Once we get to the beach we jump out of our canoe to dry our clothes a bit. I happen to be irrational at times, but that day I have to say it loud. I turned out to be a total idiot. I didn’t want to destroy my super hyper extra new waterproof jacket so I was wearing a denim one. 🙂 Plus a cotton t-shirt to make it even worse. After just 5 minutes of paddling I was completely wet, gnashing my teeth. Defeated, we decide to return to our hotel. What’s funny this time it took us only 1 hour (damn wind!). Now a bit of body pump – we have to carry our canoe up the hill. Jesus Christ what a day!

Our team vs. Lake Baikal 0:1. The force of Siberian nature!

Encouraged by our tremendous experience canoeing on Lake Baikal, we rent bikes to go on a self-organized sightseeing trip around the island. It was a bit naive to believe we can make the whole day out of it, but we were positive and full of enthusiasm. At least at the beginning. Then the plan turned out to be a real torture. My legs simply didn’t want to cooperate. Not to mention my arms but they were still soar after paddling. My body was so weak I wanted to call my gym and ask for the money back. It was a disaster. I was a disaster. The bike was a disaster. I blame the bike. Maybe it was also tired? We somehow managed to ride for a good half of a day (in my case it was rather walking with a bike) and after entering a small pine forest I even enjoyed it (a bit). I survived one more hour, moaning a lot. Does the human body really shut down when you are 30????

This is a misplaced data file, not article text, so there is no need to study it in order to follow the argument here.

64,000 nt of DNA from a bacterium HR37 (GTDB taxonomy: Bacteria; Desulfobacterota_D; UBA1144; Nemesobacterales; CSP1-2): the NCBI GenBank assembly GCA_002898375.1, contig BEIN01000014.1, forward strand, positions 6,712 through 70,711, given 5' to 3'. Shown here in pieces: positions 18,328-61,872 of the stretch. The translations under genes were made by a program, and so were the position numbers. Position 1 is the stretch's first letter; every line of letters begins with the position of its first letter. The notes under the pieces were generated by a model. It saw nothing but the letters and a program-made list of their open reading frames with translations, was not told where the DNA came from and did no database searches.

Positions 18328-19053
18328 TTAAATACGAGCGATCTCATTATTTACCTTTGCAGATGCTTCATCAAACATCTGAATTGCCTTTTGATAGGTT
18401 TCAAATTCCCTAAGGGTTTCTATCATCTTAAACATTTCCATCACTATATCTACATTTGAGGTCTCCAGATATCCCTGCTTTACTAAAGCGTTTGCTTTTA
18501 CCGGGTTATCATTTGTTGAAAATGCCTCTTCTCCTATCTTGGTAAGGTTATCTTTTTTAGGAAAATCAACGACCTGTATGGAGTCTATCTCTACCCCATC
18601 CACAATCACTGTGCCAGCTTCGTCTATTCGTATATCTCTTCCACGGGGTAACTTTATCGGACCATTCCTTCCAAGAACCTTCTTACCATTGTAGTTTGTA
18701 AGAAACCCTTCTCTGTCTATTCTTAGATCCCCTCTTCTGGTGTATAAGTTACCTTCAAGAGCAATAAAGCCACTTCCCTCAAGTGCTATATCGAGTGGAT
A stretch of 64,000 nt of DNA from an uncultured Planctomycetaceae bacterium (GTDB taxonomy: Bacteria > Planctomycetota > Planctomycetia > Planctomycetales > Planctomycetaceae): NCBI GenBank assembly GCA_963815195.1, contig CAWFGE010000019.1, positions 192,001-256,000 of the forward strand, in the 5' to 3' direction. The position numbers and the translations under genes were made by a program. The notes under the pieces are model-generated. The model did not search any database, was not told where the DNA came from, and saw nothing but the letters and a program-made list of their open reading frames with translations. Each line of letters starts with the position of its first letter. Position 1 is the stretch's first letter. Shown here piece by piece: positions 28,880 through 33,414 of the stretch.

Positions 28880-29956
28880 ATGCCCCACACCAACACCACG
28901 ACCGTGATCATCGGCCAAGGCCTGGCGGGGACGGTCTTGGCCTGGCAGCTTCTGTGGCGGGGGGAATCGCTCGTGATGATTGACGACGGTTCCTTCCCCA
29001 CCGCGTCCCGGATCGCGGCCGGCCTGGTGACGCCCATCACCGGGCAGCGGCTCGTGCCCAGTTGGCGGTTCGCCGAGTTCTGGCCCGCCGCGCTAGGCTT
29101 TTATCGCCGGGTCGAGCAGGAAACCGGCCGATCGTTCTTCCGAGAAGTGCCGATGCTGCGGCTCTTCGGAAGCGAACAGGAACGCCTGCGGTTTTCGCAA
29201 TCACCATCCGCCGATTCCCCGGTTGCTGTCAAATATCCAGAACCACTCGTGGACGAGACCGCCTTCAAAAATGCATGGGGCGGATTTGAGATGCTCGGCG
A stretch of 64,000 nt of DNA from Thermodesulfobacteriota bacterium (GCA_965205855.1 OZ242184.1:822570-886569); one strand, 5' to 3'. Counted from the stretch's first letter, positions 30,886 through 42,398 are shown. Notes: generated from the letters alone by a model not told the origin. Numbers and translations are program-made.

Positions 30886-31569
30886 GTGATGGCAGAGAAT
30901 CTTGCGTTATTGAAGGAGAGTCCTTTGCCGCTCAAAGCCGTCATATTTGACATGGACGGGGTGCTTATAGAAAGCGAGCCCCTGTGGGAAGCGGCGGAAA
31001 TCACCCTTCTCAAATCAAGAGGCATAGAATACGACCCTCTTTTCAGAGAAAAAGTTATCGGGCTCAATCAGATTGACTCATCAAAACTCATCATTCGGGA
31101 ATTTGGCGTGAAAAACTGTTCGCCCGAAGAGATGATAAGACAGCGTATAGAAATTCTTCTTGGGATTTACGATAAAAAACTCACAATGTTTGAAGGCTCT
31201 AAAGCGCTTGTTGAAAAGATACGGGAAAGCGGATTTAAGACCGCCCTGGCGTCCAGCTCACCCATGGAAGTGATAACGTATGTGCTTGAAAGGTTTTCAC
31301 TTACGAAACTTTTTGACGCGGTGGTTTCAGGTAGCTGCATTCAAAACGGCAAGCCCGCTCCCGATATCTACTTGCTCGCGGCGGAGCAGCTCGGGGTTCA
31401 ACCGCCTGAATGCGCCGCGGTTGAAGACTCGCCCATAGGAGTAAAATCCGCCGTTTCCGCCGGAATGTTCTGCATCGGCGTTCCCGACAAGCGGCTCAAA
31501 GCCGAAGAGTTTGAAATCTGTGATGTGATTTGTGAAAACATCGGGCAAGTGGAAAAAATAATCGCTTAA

Biking around Olkhon. I won’t add more pics. It was a disgraceful day for me…

Against all odds 🙂 we’ve fallen in love with Olkhon so instead of couple of days we decided to stay there a whole week! We wanted to stay one more night at Nikita’s – but the had an unpleasant surprise for us – they asked us to change our room and the new room was waaaay smaller. They moved us to a different canteen for breakfast and dinners. It offered less choice and the waiter was rude. All of that wouldn’t be a problem, but once you get used to some kind of lifestyle it’s hard then to change your expectations. We should be really thankful anyway – we got the nice room at the beginning just because ours wasn’t ready on time (or at least this is what they said).